Sonnets

Indexed in chronological order

Reading Shakespeare's Sonnets
Carmen MartA-nez BanAs/E+ Collection/Getty Images

The sonnet is a fixed poetic form, confined to 14 lines, but it has paradoxically proven to be a most flexible container for all kinds of poetic ideas. Francesco Petrarch developed the form in Italian in the 14th century, in the 16th century it travelled north, where William Shakespeare adapted it to his own rhyme-poor English language. English sonnets came to a low point in the 18th century, when Samuel Johnson defined a sonnet as “a small poem” and a sonnetteer as “a small poet, in contempt,” were revived in the 19th century by the Romantic poets, and have flowered in many contemporary variations.

Our collection of classic sonnets is arranged chronologically to reveal the evolution of the sonnet form in English.

  • William Shakespeare,
    Sonnet 18 — “Shall I compare thee to a summer’s day?” (1609)
  • William Shakespeare,
    Sonnet 29 — “When, in disgrace with fortune and men’s eyes,” (1609)
  • William Shakespeare,
    Sonnet 73 — “That time of year thou mayst in me behold” (1609)
  • William Shakespeare,
    Sonnet 97 — “How like a winter hath my absence been” (1609)
  • William Shakespeare,
    Sonnet 98 — “From you have I been absent in the spring” (1609)
  • William Shakespeare,
    Sonnet 116 — “Let me not to the marriage of true minds” (1609)
  • John Donne,
    Death Be Not Proud” (from Holy Sonnets, 1633)
  • Lord Brooke Fulke Greville,
    Sonnet 100 — “In night when colors all to black are cast,” (1633)
  • John Milton,
    On His Blindness — “When I Consider How My Light is Spent” (1673)
  • John Keats,
    On First Looking into Chapman’s Homer” (1817)
  • John Keats,
    The Human Seasons” (1819)
  • John Keats,
    Bright Star, Would I were Steadfast as Thou Art” (1838)
  • John Keats,
    “On the Sonnet” (1848)
  • John Keats,
    “When I have fears that I may cease to be” (1848)
  • Edgar Allan Poe,
    “An Enigma” (1848)
  • Elizabeth Barrett Browning,
    Sonnet 14 from Sonnets from the Portuguese — “If thou must love me” (1850)
  • Elizabeth Barrett Browning,
    Sonnet 21 from Sonnets from the Portuguese — “Say over again” (1850)
  • Elizabeth Barrett Browning,
    Sonnet 43 from Sonnets from the Portuguese — “How do I love thee?” (1850)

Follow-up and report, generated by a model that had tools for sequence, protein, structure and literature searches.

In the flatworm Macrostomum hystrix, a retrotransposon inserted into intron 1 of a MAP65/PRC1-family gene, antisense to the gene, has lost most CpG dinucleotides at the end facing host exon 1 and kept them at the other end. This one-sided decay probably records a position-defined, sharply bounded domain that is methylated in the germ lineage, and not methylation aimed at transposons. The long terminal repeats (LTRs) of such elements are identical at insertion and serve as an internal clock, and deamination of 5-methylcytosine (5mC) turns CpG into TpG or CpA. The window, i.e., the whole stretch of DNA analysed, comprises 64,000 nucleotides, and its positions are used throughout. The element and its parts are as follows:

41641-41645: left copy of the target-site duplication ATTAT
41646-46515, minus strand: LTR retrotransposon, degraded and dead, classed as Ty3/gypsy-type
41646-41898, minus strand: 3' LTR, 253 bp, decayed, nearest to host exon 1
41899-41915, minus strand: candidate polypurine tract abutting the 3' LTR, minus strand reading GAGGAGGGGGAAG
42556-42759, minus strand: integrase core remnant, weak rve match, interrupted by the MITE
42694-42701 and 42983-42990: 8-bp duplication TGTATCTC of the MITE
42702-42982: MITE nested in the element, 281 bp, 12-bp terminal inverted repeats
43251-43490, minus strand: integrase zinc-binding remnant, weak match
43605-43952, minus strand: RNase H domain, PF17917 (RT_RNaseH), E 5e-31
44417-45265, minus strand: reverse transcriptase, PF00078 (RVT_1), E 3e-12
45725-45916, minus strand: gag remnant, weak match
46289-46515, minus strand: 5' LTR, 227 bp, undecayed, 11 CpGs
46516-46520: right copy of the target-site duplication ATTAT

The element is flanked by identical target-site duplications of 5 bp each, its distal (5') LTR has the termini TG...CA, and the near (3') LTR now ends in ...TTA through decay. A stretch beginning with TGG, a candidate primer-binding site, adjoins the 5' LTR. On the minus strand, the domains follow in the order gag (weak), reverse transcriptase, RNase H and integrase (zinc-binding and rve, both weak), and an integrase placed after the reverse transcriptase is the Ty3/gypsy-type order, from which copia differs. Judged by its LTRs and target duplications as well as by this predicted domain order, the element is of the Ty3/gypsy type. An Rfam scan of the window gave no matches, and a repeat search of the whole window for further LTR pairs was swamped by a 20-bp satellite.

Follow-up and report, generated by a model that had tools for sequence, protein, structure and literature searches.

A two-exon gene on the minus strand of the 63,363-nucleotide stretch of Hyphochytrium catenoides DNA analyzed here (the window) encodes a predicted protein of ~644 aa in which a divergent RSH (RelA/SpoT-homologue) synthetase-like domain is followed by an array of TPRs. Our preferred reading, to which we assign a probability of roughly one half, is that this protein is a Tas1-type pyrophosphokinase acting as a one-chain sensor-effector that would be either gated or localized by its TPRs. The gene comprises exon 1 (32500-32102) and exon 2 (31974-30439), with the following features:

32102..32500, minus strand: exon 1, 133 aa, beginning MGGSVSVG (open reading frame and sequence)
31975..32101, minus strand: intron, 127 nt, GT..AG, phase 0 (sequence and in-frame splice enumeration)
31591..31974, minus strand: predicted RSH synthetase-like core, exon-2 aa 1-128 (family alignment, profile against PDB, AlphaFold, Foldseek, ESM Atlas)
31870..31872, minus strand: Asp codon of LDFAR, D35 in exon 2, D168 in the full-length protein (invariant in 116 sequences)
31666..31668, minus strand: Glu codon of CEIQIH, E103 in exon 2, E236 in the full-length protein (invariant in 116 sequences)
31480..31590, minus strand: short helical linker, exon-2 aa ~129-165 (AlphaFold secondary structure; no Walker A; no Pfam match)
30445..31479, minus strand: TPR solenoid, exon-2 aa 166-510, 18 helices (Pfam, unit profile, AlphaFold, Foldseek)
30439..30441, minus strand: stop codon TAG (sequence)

• Elizabeth Barrett Browning,
    Sonnet 44 from Sonnets from the Portuguese — “Belovèd, thou hast brought me many flowers” (1850)
  • Arthur Rimbaud,
    “Voyelles” (1872, “Vowels” in English trans. Oliver Bernard)
  • Christina Rossetti,
    “Remember Me” (1862)
  • Christina Rossetti,
    “Sonnets are full of love” (1881)
  • Emma Lazarus,
    “The New Colossus” (1883)
  • Amy Lowell,
    “A Fixed Idea” (1910)
  • Amy Lowell,
    “The Little Garden” (from A Dome of Many-Coloured Glass, 1912)
  • Amy Lowell,
    “Storm-Racked” (from Sword Blades and Poppy Seed, 1914)
  • Rupert Brooke,
    “The Soldier” (from the sonnet sequence 1914, 1915)
  • Robert Frost,
    Mowing” (from A Boy’s Will, 1915)
  • Wilfred Owen,
    “Anthem for Doomed Youth” (1917)
  • Edna St. Vincent Millay,
    “Thou art not lovelier than lilacs,—no” (Sonnet I from Renascence and Other Poems, 1917)
  • Edna St. Vincent Millay,
    “Time does not bring relief; you all have lied” (Sonnet II from Renascence and Other Poems, 1917)
  • Edna St. Vincent Millay,
    “Mindful of you the sodden earth in spring” (Sonnet III from Renascence and Other Poems, 1917)
  • Edna St. Vincent Millay,
    Not in this chamber only at my birth” (Sonnet IV from Renascence and Other Poems, 1917)
  • Edna St. Vincent Millay,
    “If I should learn, in some quite casual way” (Sonnet V from Renascence and Other Poems, 1917)
  • Edna St. Vincent Millay,
    “Bluebeard” (Sonnet VI from Renascence and Other Poems, 1917)
  • Gerard Manley Hopkins,
    “God’s Grandeur” (1918)
  • Robert Frost,
    “The Oven Bird” (from Mountain Interval, 1920)
  • Edna St. Vincent Millay,
    I know I am but summer to your heart” (1922)
  • Edna St. Vincent Millay,
    What lips my lips have kissed, and where, and why” (1922)
  • Claude McKay,
    “My Mother” (two sonnets, 1922)
  • Edna St. Vincent Millay,
    “Euclid alone has looked on Beauty bare” (from The Harp-Weaver and Other Poems, 1923)
  • Robert Frost,
    “Acquainted with the Night” (1923)
  • William Butler Yeats,
    Leda and the Swan” (1928)